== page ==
His cases grew, but barely any money came, Rathod says. “In fact, when the police raided his residence early this year, they were surprised seeing his humble house in Bhim Chowk. In the raid, the police only got Rs 5,000 with his wife,” Rathod adds. Gadling lives with his two children, who are both still studying, and his wife and his mother in Bhim Chowk.

All five who have been arrested know Gadling as he has, at some point or the other, either represented them or some PIL they had filed in the high court. Along with working with the law, Gadling was an active member of Committee for Protection of Democratic Rights (CPDR) and CRPP.

While Gadling’s family and lawyers are busy preparing for the legal battle that lies ahead, his colleagues are looking at those several hundred cases he has been handling and finding appropriate lawyers to appear in them. Advocate Mihir Desai will be now handling Saibaba’s bail application.

Over the past few years, Gadling has developed acute arthritis and has a severe blood pressure problem. Since the arrest, Gadling’s health has deteriorated drastically and he was moved to Pune’s Sasoon hospital on June 7. “He has been shifted to an ICU now and had to urgently undergo an angiography procedure,” his lawyer Susan Gonsalves told The Wire. She further confirmed that Gadling was moved to judicial custody from police remand on June 8 due to his deteriorating health condition.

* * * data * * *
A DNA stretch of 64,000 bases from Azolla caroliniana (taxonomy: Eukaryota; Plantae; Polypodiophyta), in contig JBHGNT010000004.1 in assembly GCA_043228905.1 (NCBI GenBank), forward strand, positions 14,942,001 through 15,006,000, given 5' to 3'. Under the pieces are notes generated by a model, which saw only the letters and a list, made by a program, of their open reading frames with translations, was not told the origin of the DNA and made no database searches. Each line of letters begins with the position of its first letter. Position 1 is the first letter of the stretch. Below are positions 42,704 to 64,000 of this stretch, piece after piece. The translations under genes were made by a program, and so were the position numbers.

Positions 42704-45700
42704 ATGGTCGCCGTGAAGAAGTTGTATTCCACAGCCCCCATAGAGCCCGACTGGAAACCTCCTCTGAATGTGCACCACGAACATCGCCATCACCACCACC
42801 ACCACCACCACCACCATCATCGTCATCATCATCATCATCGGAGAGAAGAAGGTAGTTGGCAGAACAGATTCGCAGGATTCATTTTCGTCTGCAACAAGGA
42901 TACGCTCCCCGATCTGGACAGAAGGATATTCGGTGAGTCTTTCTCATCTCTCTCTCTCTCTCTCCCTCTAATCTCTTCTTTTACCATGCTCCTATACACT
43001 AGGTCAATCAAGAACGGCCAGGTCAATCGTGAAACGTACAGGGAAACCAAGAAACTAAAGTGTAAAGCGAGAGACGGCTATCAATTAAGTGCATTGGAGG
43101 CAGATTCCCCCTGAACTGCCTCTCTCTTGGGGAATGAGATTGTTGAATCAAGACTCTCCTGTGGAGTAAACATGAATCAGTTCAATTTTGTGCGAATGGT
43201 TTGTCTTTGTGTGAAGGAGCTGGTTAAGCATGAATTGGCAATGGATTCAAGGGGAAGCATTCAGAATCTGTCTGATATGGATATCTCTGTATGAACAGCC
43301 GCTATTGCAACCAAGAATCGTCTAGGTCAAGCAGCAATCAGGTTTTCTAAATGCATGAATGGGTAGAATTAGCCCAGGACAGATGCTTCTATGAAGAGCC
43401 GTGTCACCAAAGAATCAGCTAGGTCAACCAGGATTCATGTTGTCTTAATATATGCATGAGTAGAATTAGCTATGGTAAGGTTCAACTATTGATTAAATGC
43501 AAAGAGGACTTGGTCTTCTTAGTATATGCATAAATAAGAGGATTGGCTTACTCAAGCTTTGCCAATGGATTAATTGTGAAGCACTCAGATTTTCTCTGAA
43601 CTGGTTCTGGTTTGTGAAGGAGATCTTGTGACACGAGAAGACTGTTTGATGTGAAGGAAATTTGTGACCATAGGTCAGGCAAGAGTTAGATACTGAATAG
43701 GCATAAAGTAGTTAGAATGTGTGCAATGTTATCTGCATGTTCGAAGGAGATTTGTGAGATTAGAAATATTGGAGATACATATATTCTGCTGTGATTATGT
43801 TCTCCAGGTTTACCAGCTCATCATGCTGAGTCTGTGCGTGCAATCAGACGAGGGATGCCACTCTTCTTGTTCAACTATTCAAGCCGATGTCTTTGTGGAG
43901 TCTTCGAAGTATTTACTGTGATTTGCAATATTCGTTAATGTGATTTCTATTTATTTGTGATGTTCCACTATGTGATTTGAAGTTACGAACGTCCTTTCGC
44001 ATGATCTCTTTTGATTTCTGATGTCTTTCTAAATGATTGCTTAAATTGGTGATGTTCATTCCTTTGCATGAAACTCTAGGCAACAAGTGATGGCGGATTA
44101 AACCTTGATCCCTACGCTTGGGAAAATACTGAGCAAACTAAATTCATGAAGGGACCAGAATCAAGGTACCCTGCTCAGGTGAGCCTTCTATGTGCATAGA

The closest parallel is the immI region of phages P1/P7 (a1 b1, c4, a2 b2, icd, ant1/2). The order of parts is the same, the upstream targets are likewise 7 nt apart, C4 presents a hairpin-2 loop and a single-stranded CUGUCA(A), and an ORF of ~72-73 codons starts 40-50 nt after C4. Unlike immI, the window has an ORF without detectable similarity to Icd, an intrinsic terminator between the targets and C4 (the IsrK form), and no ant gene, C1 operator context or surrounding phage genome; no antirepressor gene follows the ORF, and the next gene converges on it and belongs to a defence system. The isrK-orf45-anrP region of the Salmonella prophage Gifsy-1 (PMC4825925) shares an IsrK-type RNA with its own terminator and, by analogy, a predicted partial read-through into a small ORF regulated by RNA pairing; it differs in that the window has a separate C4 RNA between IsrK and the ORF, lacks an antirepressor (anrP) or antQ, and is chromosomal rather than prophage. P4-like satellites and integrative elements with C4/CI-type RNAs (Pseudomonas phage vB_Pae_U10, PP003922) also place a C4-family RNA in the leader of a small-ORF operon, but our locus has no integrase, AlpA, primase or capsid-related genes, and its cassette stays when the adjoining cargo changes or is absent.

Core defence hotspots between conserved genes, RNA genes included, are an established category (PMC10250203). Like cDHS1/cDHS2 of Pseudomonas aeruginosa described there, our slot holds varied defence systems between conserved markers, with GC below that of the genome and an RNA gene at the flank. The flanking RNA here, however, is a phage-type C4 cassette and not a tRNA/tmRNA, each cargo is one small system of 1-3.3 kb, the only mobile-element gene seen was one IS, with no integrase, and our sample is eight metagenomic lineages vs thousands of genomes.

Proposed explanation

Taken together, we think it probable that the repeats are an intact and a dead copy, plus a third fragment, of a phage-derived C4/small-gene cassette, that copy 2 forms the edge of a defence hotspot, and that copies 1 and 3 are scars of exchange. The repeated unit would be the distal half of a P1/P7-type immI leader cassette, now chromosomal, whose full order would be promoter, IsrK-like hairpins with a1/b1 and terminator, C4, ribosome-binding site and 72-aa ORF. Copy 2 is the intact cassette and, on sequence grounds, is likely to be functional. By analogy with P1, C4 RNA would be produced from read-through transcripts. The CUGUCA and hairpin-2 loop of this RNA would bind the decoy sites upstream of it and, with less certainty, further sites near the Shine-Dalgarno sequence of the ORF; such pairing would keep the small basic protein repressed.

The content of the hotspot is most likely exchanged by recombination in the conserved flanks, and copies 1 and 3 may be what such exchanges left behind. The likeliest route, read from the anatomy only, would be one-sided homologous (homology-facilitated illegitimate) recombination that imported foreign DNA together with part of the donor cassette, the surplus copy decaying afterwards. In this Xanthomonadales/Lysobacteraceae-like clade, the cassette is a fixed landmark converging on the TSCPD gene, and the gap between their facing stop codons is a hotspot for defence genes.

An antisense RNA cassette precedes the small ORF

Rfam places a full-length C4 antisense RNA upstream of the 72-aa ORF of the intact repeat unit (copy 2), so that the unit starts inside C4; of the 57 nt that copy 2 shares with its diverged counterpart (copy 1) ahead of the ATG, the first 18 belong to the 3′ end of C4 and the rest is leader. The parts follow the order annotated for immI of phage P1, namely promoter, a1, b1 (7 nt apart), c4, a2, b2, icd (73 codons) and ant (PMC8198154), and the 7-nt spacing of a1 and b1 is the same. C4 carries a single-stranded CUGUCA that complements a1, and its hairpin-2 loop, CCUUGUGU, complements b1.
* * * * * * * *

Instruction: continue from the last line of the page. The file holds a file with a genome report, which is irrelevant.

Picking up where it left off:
Mahesh Raut: A champion of Adivasi rights

Born in Lakhapur village in Chandrapur district of Maharashtra’s Vidarbha region, 30-year-old Mahesh Raut has lived with different relatives all his life. His father, a police Patil of the village, died when Raut was still in the school, and the family moved to nearby Wadsa village in Gadchiroli. Soon after, Raut and his two sisters were sent off to different relatives to pursue their studies. “I stayed with my mother’s elder sister, and Dada with my mother’s brother,” says his younger sister, who works in Mumbai. Raut’s grandfather was a local political leader and according to his family he was deeply influenced by his grandfather’s thoughts.